and appetites into subjection; today men have
lost the very sense of sin. When' He said "Un
less you do penance you shall all likewise per
ish," they wrought through fasting and labor
tho purification and refinement of their souls;
today men have forgotten even the processes of
penance. When He set up as tho standard of
conduct the question "What shall it profit a
man if he gain the whole world and suffer the
loss of his soUl?" they frankly accepted soul
making and soul-saving as the chief business of
life, considering no other failure as real failure
if they succeeded and no other success as real
success if they failed. When He said "Blessed
are the meek" and "Blessed are the poor in
spirit," they accepted joyfully and literally these
sublime beatitudes at which the world has only
been amused or puzzled. If the primitive dis
cipline of Christianity could still be enforced and
if each follower of Christ shared with a needy
brother hijs surplus of the goods of life, what a
multitude of economic questions would be swept
out of the world in the instant of -the world's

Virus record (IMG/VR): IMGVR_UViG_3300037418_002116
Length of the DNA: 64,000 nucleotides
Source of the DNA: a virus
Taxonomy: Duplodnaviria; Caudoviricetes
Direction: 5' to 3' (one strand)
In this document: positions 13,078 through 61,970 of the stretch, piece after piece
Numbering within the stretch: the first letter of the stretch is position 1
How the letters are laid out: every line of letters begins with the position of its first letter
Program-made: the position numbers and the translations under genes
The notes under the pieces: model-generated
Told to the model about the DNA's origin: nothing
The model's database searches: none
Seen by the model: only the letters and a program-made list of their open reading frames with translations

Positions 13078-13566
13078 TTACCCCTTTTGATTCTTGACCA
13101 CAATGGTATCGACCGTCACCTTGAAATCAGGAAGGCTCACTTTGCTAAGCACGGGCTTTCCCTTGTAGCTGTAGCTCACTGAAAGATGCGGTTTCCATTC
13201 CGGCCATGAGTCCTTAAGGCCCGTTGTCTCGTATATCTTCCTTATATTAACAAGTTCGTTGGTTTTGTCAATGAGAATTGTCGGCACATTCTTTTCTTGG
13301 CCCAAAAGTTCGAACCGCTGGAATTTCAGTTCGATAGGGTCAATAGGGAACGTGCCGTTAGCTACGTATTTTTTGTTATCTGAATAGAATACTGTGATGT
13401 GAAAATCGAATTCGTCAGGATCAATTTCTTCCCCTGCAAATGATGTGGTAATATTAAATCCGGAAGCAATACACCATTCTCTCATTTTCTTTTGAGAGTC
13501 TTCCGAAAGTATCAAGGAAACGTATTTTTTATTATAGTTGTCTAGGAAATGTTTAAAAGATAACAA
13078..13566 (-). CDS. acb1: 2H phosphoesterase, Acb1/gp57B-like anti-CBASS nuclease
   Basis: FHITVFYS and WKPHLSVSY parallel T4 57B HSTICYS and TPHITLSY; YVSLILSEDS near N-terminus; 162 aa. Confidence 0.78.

conversion. The dazzling vision that the social
ist dangles before the eyes of humanity would
seem dull and tawdry compared with a world in
which the Christmas spirit preyailed every day;
the iridescent dream of a Utopia where the
richest are poor and the poor live in abundance,
would cease to be a dream if the love of Christ
dominated commerce and industry; the tryranny
of monopoly, the marauding of legalized bandits
and the brutality of unrestrained capitalism
alike would vanish if the Christian law of justice
and right governed men.
So too would the Christian law of love trans
form the world. The flag separates, the Cross
unites. It is the business of a flag, because it is
a4 flag to assemble about it only its own people
and to separate them from all the world beside;
it is the mission of the Cross to summon all the
nations to the feet of Christ, to exalt Him as the
common Saviour of mankind, the centre of the
faith and hope and love of men. No more may
men indulge that most brutal and diabolical
passion which makes them hate one another
for the love of God; Christianity can never truly
live till bigotry dies. No more may men harbor
racial animosities; the love of God can never
truly thrive beside hatred of men. The Angel
of Patriotism guoTding with flaming sword the
gates of the nation, demands brotherhood and
love only for the men of our own tribe: but
Christianity supplements patriotism; Christian
ity is universal charity. "By this shall all men
know that you are My disciples, if you have love
one for another." (John xiii. -6). Christ even